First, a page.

Purpose: We compared the surgical results and complications between two groups of children operated for cataract with or without lens implantation.
Method: One hundred seventy-five eyes in 126 children, aged 15 days to 16 years were operated for cataract with a surgical procedure of limbus phacoaspiration. Eighty-seven received a primary intercapsular one-piece PMMA Intra Ocular Lens (IOL). Conditions for lens implantation were restrictive: strictly intercapsular, no other ocular pathology, at any age in unilateral and usually after 3 years of age in bilateral cataracts. Follow up ranged from 6 months to 10 years.
Results: Primary fibrinous anterior chamber reaction was seen in all patients in the IOL group. It always regressed under medical treatment. Glaucoma, retinal detachment and reoperations rates were similar in the two groups. There is a high correlation (p < 0.001) between initial anterior vitrectomy and keeping a clear visual axis, even in the eldest group, but no difference with or without IOL. Local tolerance of IOL was evaluated. No effect on visual results was evidenced. Evolution of refraction in pseudophakic eyes doesn't show evident myopic shift. Secondary myopias found in older groups might be associated to "genetic" myopia more than a consequence of implantation.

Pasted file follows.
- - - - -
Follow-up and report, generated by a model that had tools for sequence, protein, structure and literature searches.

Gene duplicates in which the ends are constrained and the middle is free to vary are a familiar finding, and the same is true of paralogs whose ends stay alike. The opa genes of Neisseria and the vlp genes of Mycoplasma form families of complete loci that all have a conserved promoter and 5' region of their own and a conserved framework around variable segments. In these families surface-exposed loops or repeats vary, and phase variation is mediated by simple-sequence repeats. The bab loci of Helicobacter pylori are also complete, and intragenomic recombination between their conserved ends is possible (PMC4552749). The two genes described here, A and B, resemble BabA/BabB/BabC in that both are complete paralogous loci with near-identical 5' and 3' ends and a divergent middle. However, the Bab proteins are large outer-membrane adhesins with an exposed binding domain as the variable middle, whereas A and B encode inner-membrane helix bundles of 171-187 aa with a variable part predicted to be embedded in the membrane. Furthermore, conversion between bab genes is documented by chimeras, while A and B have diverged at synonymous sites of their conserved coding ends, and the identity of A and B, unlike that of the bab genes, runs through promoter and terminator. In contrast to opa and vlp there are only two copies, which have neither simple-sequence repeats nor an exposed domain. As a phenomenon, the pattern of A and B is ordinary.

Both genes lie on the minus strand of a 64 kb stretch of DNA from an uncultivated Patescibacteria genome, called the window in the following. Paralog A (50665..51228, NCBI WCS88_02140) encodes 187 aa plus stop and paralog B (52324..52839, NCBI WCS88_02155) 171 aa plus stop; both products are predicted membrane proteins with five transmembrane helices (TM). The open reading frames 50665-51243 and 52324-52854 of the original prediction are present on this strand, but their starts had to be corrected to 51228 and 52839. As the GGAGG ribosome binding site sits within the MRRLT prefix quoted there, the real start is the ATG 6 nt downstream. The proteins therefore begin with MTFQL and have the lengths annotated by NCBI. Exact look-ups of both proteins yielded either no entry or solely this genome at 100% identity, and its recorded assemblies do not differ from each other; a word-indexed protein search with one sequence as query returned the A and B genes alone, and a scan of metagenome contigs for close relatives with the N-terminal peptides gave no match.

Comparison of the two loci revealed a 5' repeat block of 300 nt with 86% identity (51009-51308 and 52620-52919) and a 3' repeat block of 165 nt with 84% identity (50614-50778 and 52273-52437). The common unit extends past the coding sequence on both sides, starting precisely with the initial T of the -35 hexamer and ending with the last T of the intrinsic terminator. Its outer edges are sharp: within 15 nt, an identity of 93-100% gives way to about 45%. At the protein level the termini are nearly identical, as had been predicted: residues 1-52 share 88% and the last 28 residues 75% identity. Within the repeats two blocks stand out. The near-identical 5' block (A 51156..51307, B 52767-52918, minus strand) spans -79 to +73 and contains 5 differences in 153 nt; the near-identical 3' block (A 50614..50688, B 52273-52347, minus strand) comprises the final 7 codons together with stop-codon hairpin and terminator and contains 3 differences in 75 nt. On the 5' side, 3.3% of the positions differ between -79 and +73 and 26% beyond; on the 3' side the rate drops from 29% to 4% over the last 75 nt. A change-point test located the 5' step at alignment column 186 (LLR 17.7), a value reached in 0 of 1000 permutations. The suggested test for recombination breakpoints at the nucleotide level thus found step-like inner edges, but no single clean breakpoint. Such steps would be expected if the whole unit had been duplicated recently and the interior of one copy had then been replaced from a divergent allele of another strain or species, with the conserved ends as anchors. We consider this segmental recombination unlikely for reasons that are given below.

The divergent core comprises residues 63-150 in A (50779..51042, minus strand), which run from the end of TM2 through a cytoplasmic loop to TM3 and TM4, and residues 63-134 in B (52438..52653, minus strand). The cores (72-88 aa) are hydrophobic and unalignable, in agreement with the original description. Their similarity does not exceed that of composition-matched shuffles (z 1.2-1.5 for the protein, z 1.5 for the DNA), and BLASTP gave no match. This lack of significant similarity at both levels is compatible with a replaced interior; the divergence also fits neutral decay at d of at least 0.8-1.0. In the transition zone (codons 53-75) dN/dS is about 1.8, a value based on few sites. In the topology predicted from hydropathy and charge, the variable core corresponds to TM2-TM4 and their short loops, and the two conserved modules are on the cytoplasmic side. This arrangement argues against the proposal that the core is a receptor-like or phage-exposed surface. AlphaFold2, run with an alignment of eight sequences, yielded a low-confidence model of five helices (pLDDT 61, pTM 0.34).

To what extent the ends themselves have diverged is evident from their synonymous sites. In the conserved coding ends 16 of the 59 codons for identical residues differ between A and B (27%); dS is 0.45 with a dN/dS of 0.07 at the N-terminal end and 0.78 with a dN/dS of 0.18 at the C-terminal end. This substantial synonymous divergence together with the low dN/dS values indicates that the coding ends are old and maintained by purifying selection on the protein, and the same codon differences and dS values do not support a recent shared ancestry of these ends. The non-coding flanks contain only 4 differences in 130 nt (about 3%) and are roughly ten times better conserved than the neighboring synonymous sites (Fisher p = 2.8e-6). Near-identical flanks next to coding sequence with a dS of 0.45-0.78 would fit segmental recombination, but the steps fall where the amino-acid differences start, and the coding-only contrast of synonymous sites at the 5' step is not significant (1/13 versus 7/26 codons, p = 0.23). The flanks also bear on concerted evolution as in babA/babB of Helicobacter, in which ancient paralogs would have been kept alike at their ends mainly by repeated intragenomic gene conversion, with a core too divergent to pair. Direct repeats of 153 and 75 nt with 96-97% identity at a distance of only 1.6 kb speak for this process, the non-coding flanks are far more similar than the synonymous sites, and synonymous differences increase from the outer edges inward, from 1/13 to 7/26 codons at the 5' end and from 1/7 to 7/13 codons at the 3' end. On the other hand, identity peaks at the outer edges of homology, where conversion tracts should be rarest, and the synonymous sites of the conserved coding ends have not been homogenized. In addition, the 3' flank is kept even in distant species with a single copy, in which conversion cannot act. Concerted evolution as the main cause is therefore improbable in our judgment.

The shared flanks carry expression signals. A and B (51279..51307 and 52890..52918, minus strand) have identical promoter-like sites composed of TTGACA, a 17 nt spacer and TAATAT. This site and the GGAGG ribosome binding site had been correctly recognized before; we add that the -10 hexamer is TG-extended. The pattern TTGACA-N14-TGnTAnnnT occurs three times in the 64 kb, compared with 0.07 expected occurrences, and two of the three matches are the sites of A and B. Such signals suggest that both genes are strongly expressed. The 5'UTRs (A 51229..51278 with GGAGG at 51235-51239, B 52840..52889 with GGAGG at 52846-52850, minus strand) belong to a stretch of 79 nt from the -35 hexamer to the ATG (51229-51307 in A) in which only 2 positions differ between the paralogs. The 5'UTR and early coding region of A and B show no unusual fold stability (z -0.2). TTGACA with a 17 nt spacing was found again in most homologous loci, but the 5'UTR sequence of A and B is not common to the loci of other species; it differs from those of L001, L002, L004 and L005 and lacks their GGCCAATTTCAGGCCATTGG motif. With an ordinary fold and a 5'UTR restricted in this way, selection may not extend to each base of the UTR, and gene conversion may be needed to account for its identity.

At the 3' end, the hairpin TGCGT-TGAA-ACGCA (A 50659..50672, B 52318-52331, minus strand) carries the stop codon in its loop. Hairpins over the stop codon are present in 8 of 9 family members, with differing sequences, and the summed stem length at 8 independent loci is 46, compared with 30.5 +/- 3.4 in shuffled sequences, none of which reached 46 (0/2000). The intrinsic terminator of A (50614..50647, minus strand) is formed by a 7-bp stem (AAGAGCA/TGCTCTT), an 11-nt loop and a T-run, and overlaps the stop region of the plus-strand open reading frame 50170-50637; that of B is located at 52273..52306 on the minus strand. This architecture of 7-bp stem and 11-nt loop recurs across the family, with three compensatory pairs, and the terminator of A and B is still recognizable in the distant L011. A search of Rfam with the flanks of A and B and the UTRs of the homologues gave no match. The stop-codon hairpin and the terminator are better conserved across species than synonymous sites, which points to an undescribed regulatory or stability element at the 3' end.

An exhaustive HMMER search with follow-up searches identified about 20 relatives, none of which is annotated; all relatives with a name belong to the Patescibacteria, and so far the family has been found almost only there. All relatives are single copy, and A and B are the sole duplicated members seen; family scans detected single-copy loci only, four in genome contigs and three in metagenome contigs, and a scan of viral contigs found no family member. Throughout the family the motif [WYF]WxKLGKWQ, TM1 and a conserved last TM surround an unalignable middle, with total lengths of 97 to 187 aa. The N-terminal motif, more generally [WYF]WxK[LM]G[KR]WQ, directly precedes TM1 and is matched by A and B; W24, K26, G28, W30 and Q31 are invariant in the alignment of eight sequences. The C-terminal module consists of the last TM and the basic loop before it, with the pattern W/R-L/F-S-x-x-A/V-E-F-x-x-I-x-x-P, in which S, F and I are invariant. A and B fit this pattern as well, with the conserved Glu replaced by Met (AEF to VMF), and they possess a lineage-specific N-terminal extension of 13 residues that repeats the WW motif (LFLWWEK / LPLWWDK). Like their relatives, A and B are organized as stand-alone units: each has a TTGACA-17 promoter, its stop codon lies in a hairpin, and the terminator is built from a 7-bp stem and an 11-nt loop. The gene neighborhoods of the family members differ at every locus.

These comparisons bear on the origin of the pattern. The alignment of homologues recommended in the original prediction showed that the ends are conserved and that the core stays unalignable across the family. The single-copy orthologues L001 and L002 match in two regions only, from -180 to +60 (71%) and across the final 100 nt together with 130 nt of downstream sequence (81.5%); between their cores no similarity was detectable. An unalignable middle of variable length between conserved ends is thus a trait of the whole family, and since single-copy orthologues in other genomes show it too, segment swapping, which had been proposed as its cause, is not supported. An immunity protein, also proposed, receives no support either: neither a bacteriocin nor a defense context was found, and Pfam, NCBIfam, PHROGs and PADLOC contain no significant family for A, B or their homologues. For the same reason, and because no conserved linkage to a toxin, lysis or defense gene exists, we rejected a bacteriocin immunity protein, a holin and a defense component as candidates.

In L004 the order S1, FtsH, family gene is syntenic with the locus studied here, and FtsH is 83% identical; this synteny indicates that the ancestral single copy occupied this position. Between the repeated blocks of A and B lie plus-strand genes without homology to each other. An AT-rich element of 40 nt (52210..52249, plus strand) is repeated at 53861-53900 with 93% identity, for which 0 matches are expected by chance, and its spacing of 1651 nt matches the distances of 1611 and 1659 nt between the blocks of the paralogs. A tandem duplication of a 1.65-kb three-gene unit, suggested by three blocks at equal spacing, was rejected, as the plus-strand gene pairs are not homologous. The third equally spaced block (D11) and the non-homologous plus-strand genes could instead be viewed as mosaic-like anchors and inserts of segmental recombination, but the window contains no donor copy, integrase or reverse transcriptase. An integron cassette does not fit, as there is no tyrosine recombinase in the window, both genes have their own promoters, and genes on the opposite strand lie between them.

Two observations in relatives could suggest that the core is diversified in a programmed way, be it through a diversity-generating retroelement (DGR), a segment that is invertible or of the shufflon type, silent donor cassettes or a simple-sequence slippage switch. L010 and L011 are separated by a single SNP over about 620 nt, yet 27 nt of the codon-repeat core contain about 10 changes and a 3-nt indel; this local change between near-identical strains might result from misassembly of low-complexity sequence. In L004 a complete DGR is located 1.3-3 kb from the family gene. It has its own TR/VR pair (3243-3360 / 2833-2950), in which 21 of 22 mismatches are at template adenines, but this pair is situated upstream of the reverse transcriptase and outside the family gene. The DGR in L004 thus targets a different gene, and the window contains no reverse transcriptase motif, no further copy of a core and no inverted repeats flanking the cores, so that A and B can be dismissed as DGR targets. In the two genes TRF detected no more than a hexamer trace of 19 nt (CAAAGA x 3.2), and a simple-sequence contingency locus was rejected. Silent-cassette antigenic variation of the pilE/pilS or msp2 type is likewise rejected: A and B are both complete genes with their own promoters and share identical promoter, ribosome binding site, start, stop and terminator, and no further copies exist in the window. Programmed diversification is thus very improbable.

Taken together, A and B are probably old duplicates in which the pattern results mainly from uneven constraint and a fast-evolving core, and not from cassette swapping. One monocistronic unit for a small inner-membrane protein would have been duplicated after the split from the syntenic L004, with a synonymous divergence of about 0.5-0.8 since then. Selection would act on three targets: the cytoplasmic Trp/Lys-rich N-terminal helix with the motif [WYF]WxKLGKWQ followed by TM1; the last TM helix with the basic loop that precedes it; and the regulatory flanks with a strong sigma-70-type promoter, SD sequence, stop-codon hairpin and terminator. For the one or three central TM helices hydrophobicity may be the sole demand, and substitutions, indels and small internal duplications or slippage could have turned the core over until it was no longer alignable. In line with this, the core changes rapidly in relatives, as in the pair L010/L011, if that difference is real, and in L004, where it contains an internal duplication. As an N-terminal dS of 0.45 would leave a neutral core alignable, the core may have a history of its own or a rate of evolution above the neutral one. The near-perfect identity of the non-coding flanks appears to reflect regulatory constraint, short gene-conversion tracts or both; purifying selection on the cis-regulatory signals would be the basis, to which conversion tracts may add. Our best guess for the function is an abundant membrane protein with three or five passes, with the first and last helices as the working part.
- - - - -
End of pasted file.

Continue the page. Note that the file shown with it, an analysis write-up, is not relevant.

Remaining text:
Conclusion: Intercapsular lens implantation in children does not statistically increase the rate of complication of cataract surgery. It can be chosen if a real functional benefit is expected. The choice of IOL's power depends on biometric results which are a function of age. Under correction is usually recommended but immediate emetropia must be the aim in unilateral cases to ease amblyopia's treatment.